Divorce Guide

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Supreme Court Divorce Cases

Most divorcing couples avoid going to the courts. Instead, they often prefer to solve their own issues and come to an agreement with the help of their lawyers or through mediation. Supreme Court divorce cases states all the procedures that a couple has to go when their case goes to the apex court. Sometimes, however, there is no option but the couple has to go to the court for settling their issues. The points on how to obtain a Supreme Court order and other details are discussed below.

Family law cases are heard by both the Supreme Court and the Provincial court. As their responsibilities overlap in some areas like guardianship, custody, support many couples have a choice of going to either court. Issues such as divorce or the division of property are heard only in the Supreme Court. When a couple goes to the apex court, they usually ask the court to settle other issues as well, such as custody or support.

How to obtain a Supreme Court order

To obtain a Supreme Court order for divorce, guardianship, custody, support or the division of property one needs to start a “family law proceeding”, the Supreme Court’s term for a legal action to settle issues covered under the “Family Relations Act or the Divorce Act”.

Starting the Family Law Proceeding

In order to start the Family Law Proceeding the plaintiff spouse has to fill out two forms; the writ of summons and a statement of claim.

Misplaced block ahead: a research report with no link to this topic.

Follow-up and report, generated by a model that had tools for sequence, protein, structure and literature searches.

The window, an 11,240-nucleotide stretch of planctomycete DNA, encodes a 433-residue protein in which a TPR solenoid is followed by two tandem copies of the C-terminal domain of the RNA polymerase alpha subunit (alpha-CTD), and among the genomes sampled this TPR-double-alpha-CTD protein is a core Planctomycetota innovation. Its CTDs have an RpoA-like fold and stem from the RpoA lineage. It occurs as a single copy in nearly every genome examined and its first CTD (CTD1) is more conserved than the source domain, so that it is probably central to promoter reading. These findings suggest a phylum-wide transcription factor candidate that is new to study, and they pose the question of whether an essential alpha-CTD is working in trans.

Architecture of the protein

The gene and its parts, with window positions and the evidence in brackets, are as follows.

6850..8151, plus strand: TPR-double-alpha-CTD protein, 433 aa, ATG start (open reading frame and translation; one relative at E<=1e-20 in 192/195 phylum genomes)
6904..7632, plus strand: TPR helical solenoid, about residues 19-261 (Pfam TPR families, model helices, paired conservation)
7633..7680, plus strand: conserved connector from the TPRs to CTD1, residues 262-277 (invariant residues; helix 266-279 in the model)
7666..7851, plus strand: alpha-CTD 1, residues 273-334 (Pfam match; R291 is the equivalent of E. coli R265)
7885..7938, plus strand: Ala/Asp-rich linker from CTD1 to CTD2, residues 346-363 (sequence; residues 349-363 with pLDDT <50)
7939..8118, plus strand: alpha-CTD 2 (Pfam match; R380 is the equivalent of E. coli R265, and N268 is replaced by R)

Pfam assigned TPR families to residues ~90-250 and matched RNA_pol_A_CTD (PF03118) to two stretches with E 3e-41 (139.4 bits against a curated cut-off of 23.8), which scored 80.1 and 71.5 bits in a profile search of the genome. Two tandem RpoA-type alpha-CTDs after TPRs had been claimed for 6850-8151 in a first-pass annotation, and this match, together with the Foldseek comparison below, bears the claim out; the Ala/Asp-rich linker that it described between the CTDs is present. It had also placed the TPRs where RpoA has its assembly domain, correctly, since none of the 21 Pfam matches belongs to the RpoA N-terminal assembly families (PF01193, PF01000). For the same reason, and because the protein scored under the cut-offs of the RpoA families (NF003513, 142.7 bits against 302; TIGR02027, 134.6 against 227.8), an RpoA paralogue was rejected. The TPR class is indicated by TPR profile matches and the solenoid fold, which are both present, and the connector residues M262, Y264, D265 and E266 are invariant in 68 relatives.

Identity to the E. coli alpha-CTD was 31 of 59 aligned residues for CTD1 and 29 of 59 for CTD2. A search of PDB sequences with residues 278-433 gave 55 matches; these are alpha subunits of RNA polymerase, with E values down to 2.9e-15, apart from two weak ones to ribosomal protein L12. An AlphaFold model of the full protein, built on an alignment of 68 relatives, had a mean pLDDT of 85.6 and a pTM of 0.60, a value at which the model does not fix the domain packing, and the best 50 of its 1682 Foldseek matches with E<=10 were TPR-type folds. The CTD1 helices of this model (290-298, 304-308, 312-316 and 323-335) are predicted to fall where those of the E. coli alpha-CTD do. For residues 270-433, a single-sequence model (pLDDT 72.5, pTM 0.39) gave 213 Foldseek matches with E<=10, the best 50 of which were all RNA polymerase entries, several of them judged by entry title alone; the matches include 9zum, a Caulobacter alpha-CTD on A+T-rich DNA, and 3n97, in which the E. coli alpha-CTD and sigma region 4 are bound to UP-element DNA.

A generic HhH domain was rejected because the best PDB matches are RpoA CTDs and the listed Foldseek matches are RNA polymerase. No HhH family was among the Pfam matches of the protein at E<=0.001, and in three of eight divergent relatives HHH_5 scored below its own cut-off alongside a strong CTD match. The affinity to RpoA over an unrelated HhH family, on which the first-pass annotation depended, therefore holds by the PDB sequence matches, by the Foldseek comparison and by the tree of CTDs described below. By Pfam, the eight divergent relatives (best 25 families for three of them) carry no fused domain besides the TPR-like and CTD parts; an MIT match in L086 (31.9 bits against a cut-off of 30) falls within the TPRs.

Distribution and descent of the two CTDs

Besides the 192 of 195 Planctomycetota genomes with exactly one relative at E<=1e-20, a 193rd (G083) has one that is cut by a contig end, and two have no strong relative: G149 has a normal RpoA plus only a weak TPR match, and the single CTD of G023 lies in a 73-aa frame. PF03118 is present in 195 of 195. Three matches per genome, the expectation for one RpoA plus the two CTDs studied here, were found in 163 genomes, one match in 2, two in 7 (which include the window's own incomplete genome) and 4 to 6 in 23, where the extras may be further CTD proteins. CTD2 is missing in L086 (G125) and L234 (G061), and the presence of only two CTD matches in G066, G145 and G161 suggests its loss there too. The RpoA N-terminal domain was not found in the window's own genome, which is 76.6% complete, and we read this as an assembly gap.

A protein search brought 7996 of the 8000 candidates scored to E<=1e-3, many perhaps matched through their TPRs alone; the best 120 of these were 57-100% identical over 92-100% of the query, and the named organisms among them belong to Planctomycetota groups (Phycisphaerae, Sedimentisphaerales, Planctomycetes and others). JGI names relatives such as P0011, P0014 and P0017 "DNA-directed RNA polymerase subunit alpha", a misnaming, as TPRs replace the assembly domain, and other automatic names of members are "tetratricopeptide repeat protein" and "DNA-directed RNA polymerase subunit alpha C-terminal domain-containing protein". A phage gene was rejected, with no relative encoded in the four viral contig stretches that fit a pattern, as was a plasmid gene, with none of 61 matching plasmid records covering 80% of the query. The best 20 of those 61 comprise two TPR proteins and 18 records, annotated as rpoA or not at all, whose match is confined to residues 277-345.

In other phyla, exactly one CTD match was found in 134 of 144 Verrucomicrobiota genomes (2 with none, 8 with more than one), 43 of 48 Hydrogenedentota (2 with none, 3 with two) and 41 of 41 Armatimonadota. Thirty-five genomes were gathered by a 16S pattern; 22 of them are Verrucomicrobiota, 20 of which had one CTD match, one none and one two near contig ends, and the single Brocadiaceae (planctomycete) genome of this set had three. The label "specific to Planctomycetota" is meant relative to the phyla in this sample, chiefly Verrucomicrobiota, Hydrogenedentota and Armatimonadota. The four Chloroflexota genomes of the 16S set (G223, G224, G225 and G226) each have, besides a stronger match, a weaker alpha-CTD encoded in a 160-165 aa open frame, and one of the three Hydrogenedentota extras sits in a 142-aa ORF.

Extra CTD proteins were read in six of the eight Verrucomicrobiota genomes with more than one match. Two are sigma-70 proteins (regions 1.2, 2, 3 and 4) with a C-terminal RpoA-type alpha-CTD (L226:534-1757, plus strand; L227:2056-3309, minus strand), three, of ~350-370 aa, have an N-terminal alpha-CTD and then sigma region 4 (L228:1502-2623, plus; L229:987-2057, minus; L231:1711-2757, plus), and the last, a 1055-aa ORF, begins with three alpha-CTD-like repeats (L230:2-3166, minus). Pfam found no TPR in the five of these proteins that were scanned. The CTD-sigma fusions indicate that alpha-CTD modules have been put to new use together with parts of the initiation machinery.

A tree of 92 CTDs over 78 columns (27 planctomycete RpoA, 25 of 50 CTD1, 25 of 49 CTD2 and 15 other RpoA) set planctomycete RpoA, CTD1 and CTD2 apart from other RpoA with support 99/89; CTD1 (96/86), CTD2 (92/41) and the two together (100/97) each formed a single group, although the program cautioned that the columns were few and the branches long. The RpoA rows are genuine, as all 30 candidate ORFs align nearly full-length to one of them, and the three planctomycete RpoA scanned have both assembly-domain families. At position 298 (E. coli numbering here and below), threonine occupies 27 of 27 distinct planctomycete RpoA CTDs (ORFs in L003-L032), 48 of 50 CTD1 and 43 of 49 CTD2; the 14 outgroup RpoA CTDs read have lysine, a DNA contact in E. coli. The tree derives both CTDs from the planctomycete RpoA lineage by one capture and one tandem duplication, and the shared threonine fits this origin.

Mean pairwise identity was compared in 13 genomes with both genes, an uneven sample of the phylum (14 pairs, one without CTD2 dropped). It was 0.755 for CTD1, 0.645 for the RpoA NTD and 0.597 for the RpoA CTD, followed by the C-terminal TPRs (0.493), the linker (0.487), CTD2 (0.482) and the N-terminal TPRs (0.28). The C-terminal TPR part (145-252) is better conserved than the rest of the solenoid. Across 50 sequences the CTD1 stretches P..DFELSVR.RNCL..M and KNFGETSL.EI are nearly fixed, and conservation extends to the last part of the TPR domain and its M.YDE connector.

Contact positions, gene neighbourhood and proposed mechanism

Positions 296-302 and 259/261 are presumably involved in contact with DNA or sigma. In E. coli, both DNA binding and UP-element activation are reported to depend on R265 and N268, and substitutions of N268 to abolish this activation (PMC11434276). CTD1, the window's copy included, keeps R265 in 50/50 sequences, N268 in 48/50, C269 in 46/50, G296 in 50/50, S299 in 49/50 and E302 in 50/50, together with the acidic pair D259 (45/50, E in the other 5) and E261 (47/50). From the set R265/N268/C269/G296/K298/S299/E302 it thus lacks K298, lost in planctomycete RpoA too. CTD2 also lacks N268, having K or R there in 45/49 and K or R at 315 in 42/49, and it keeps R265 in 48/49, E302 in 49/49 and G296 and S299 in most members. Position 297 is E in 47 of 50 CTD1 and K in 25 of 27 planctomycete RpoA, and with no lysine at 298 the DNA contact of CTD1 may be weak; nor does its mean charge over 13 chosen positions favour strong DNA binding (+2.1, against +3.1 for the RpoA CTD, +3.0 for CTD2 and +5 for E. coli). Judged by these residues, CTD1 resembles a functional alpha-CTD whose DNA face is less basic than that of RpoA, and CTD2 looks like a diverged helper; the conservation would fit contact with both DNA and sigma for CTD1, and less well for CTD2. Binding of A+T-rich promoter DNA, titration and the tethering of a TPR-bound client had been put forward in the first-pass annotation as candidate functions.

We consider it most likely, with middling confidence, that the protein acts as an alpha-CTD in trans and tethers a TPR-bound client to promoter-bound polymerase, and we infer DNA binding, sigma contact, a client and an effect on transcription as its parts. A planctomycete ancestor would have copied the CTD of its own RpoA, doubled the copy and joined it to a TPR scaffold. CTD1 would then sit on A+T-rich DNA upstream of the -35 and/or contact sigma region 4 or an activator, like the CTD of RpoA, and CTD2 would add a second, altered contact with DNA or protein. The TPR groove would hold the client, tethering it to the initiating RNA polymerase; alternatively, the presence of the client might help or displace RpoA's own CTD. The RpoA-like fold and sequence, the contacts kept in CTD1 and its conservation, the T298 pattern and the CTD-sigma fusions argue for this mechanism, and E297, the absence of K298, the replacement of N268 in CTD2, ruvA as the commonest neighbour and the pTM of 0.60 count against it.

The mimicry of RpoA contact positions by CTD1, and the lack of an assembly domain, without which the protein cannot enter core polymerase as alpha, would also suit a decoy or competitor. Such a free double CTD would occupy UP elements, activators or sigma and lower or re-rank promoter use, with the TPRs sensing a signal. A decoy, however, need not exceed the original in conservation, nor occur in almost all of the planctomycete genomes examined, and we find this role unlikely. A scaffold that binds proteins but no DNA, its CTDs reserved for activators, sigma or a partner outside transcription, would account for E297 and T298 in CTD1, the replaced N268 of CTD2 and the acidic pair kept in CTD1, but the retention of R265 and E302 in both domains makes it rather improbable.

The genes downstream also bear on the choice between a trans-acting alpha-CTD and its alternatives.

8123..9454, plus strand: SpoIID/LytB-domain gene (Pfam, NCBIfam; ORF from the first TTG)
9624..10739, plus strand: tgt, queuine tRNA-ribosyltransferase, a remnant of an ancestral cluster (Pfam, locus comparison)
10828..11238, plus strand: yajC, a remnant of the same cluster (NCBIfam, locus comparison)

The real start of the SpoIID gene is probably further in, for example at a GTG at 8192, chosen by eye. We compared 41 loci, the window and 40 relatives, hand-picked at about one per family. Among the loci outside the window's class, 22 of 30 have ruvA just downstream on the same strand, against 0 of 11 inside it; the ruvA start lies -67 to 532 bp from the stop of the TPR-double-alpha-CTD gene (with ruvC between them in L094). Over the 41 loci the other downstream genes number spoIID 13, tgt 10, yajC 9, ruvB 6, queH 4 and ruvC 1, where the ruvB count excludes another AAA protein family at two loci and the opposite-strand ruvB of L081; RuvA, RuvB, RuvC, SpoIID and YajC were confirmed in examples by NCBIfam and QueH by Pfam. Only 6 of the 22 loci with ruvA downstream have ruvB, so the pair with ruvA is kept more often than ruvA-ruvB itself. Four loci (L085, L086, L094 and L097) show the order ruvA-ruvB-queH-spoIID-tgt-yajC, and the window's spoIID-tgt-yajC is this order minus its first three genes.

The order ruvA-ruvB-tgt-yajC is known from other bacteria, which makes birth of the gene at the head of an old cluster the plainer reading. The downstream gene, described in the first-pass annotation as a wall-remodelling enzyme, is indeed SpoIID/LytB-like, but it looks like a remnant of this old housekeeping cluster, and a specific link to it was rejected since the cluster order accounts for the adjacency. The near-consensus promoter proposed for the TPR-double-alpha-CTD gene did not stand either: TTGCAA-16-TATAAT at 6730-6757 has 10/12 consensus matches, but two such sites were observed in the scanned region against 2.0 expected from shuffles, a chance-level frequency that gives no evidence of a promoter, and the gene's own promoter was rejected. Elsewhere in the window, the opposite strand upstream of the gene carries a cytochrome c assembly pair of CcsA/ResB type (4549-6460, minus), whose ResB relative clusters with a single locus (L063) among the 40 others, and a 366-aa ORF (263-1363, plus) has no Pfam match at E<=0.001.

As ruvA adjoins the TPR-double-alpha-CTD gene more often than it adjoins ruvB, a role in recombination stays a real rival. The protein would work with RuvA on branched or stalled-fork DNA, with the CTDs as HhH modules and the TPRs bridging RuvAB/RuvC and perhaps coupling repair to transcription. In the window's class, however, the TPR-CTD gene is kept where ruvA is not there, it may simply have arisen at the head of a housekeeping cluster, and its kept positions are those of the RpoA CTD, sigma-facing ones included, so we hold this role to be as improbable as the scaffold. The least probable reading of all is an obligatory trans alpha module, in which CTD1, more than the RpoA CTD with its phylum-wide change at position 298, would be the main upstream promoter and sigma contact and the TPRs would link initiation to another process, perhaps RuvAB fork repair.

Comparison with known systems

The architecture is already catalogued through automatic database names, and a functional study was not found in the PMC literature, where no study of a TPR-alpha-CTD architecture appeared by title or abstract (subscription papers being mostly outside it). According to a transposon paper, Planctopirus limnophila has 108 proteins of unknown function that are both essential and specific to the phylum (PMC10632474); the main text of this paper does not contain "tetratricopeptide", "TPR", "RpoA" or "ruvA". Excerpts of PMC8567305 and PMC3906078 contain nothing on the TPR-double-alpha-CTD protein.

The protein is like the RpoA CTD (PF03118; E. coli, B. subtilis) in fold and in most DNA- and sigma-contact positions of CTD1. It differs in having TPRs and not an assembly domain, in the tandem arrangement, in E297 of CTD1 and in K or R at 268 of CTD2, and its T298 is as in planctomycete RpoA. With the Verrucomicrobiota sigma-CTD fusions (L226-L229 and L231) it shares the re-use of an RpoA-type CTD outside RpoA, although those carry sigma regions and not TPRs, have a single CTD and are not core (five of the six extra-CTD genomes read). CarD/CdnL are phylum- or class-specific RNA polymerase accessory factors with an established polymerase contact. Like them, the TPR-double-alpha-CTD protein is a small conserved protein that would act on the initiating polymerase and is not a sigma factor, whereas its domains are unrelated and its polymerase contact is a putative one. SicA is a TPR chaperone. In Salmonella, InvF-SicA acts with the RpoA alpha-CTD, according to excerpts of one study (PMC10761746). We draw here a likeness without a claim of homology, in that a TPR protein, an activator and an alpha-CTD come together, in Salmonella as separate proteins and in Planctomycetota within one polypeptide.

The writ of summons is the official notice that the plaintiff spouse gives to the defendant spouse stating that, he/she has started a family law proceeding in the Supreme Court. The writ also explains the defendant what he/she needs to do to reply to the plaintiff spouse’s action.

The statement of claim is where the plaintiff provides all the background information such as his/her relationship with the defendant and what is he/she asking the court to decide, for e.g. child custody, support and how to divide the property.

Filing the documents with the court

As per Supreme Court divorce cases the plaintiff has to make three copies of all the court forms. Then he/she needs to staple the writ of summons on top of the statement of claim in each set. The plaintiff then needs to take the original writ of summons, statement of claim, the financial statement (if required) and notice to form 89 financial statement and all three set of copies to the nearest Supreme Court registry. This is called the filing of documents.

The plaintiff also needs to take his/her original marriage certificate at the time for filing of divorce. The filing fee in the Supreme Court is $208, payable either in cash, certified cheque or money order made out to the Minister of Finance. The court registry dates and stamps the documents, keep the original, returns the other documents.

Supreme Court divorce cases have long procedures related to divorce. The above mentioned processes are just the initial stages in obtaining the Supreme Court Order. This is the final place where a couple can sort out their issues and come to a conclusion.

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